Talk about a no win situation. After seeing his "red line" go rudely unheeded, the President is facing the prospect of appearing weak if he does nothing or warmongering if he launches an attack.
Medical decision scientists ask: how did it come to this?
Mr. Obama is correctly admired for his "no-drama' informed style of decision-making. And good physicians, says medical science, should operate the same way. According to this recent New England Journal article, consciously deliberative and logical approaches to diagnosis and treatment selection are far more reliable than the intuitive shoot-from-the-hip pattern recognition that used to rule the bedside.
Psychologists describe the latter as "Type 1" processing while the former is "Type 2." Think George W. Bush's gut instincts over Iraq's weapons of mass destruction versus Barack Obama's disciplined rationality when he decided to attack the Bin Laden compound. He undoubtedly used the same methodology when he was pondering Syria.
But, thinks the Disease Management Care Blog, there are limits to brainy decision-making when the choices are overwhelmingly numerous. In this retail business-oriented TEDTalk, Sheena Iyengar points out that dozens of options lead to procrastination followed by bad choices followed by low satisfaction.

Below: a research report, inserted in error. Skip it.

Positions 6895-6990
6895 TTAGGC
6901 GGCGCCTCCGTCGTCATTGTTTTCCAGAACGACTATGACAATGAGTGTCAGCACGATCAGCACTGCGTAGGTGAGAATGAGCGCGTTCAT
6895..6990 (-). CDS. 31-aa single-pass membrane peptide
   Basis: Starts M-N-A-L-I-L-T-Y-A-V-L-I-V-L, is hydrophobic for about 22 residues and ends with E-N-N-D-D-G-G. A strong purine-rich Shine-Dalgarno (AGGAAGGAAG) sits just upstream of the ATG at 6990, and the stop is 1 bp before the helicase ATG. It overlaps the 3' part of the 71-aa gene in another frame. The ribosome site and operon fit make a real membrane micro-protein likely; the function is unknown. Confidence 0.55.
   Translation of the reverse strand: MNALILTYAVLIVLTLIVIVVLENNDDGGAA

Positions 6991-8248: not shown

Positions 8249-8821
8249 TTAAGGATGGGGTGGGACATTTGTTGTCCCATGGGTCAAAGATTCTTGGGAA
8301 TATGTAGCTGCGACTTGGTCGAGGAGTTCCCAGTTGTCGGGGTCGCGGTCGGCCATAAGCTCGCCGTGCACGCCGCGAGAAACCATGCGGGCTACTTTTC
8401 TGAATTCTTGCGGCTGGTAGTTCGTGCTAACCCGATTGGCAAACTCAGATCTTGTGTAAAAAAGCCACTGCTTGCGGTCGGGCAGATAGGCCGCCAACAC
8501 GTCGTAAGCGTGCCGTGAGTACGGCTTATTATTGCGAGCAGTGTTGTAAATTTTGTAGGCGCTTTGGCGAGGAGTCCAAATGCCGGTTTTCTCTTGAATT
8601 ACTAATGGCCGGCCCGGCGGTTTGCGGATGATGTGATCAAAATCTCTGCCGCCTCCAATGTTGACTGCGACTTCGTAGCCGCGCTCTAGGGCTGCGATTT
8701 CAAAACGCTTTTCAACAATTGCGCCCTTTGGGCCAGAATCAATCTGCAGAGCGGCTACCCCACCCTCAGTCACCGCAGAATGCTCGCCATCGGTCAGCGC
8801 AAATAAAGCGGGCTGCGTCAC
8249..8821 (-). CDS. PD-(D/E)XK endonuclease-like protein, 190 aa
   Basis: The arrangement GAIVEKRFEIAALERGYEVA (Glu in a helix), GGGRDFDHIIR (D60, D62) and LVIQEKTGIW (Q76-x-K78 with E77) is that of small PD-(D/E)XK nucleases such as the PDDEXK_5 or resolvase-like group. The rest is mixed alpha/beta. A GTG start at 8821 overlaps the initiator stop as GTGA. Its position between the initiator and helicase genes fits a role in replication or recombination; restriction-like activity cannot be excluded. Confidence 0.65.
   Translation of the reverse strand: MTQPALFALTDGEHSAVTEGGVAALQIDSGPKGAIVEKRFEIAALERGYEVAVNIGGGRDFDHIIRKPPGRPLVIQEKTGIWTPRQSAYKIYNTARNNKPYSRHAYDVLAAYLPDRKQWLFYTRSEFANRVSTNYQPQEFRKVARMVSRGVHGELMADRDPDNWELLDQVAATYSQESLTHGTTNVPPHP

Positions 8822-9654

It can also apply to foreign policy. Given the vast array of pieces and potential moves on the Middle East chess board, little wonder that Mr. Obama would procrastinate for days saying he has "not made a decision," then apparently select an attack option disdained by even the New York Times and then engender even more second guessing by the very Congress that the President has repeatedly criticized as unreliable.
Ditto health care. The downside to shared decision making is that an overwhelming number of testing and treatment options can lead befuddled patients to a "you decide, doc" mentality that leads the physician to regress to "Type 1" decision-making.
The DMCB isn't too sure how TEDTalk's Dr. Iyengar's suggested solutions can help the folks in the White House Situation Room, but the DMCB wonders if the national security staff shouldn't have done a better job of presenting the Commander in Chief with 1) a limited number of choices that were 2) more "concrete," as well as 3) arranged into categories with the 4) low complexity options offered first.
That 4-fold approach could help docs and patients too. The DMCB looks forward to additional research in the area.
In the meantime, there is one additional medical rule that has withstood the test of time that may also be useful in dealing with Syria. The DMCB offers it up to business and politicians alike: primum non nocere.